I’m a morning person. Wait, maybe I’m not being specific enough—I’m an OBNOXIOUS morning person. It’s a personality trait that, after many failed attempts to convince myself in past relationships that dating a night owl wouldn’t cause arguments in our future, has proven to be the one identifier I’ll never be able to quit. It’s also the one identifier I refuse to quit.
See, the thing is, I love getting up early. There’s a magical energy that exists between those few hours between sunrise and when the rest of the world starts to stir—it’s when I feel most creative, most adventurous, and it’s the time when I can really let myself be. It’s when I am most productive, spitting out page after page of writing, compared to the abysmal content I’ve created during that 3 p.m. workday lull when it takes all of my energy just to answer an email.
When I travel, it seems almost insane for me to sleep in, even if the day’s agenda includes lying on a beach all afternoon. I blame this trait on my father—as kids, he would always be up with the sun, caffeinated and ready to go by the time my sisters and I were just opening our eyes. As an adult, I have taken on that role, stepping out to wander the new city I’m visiting while my travel partners sleep.
On a recent trip to Washington D.C., I purposely factored in my sleeping habits to take advantage of the short time I had there. The trip was work related, so the bulk of my time was spent in and out of meetings, but the restless voice inside my head was calling. How could I, someone who adores government and American history, travel to D.C. and not visit at least one monument?
For any traveler, it’s important to take advantage of every free moment you have. I should mention that in this case, there is a distinct difference between vacations, which are meant for relaxation, versus traveling, which is meant for absorbing the sights and sounds of your destination. Both are equally rejuvenating. So for me, like many past trips, I took a close look at my schedule and planned a block of time between 6 a.m. and 11 a.m. to wander central D.C. before catching my plane (A Note: Travel light if you plan to follow my suggestions. Because of my timeline, I was stuck carrying a backpack and purse with laptop for the duration of my adventure).
Washington D.C., at 7 a.m., before rush hour really kicks in and the school field trips start to overload the National Mall, is a peaceful time to walk. You have the chance to enjoy the history of this city without kids trying to catch Pokemon off of Thomas Jefferson’s head (is Pokemon Go still relevant?). You can her your own thoughts. You can see the sculptures that line the capital as they were intended—unobstructed by the massive crowds of tourists that will take over later in the day. It’s the quiet that makes these mornings so rewarding.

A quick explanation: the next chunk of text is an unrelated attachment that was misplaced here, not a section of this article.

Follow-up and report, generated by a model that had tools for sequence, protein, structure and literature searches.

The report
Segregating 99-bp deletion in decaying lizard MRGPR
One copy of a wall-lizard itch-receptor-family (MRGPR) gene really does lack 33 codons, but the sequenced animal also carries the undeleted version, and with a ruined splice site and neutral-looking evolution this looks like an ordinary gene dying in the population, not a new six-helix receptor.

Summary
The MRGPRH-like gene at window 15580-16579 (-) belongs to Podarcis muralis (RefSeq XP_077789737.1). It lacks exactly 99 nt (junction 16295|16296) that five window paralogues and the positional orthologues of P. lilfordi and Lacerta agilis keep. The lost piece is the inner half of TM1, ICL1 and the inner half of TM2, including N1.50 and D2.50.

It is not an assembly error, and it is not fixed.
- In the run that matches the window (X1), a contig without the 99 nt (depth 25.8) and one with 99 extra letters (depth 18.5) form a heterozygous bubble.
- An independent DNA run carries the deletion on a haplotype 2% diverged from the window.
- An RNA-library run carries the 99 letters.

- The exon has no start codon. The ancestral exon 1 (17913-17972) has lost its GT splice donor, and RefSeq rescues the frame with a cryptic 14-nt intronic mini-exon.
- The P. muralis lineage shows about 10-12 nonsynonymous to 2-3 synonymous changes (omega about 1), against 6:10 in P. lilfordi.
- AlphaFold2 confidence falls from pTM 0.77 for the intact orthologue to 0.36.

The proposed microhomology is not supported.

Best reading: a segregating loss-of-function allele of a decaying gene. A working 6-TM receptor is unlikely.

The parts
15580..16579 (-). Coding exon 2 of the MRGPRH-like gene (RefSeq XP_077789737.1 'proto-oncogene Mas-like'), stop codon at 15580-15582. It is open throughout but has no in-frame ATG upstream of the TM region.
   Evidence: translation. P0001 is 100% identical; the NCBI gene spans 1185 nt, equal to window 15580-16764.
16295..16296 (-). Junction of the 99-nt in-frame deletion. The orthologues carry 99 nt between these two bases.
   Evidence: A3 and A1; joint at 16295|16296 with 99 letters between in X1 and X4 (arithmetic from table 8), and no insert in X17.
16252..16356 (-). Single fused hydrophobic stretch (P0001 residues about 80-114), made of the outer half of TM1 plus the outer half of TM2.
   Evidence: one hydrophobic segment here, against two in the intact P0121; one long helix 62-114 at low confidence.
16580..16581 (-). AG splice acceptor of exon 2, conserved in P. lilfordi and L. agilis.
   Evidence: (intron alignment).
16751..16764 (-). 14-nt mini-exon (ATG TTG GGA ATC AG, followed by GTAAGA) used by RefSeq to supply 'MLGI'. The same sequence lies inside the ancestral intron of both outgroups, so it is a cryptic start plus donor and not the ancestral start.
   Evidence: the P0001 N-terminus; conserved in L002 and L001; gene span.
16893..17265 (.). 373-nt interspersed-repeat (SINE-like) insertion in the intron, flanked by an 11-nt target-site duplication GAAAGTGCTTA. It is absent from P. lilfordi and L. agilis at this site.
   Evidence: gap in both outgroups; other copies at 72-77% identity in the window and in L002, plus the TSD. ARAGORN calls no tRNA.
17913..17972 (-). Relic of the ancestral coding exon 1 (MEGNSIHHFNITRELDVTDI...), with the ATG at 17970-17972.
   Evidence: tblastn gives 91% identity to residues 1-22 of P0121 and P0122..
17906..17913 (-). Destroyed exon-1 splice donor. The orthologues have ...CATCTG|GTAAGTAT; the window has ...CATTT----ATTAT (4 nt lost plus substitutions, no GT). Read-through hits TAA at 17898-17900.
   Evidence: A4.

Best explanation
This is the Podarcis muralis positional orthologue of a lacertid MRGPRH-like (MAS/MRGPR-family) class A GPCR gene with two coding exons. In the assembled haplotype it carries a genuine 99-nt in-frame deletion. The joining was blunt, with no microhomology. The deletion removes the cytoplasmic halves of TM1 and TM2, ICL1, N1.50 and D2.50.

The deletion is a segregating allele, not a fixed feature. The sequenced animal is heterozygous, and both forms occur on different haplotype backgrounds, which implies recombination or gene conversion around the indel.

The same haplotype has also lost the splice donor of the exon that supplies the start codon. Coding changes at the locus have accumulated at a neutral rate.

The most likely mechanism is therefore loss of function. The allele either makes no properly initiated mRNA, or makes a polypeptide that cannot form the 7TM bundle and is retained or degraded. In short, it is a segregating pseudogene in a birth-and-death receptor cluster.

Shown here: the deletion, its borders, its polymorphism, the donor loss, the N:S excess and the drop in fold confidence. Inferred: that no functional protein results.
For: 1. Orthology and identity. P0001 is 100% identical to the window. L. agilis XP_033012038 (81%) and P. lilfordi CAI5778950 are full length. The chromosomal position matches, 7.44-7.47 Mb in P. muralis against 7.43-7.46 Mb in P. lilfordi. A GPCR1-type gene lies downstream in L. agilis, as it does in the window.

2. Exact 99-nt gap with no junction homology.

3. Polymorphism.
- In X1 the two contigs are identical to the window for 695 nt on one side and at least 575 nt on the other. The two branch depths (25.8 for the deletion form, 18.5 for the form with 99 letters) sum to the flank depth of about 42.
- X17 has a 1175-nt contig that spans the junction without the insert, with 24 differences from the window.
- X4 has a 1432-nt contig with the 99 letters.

Prior to this particular trip, the capital had unveiled its newest monument, dedicated to civil rights activist Dr. Martin Luther King Jr. I had made a point to visit the monument first because it was something new that I wanted to see, but even more so because I needed a reminder of the good in this world. In just a few short days, we will see the conclusion of one of America’s most vicious elections, which has created such a terrible divide across the country, and has encouraged such low brow comments that any hope of a unified outcome seems impossible. I needed a reminder of the fights our past leaders endured, and that through their lessons, we too can work to create a better tomorrow.
I think every American needs to take a trip to this monument. It’s a reminder of the equality of humankind, no matter your race, religion, gender, status, etc., and how important it is to choose love and acceptance over hate and divide. Our country is great because of the opportunities we offer—we’ve forgotten that melting pot analogy that welcomes people from all over the world to come and make a new life. It’s why so many people want to come here, to try his or her hand at creating a better future. America is not a story of haves and have nots, but a story of opportunity for all.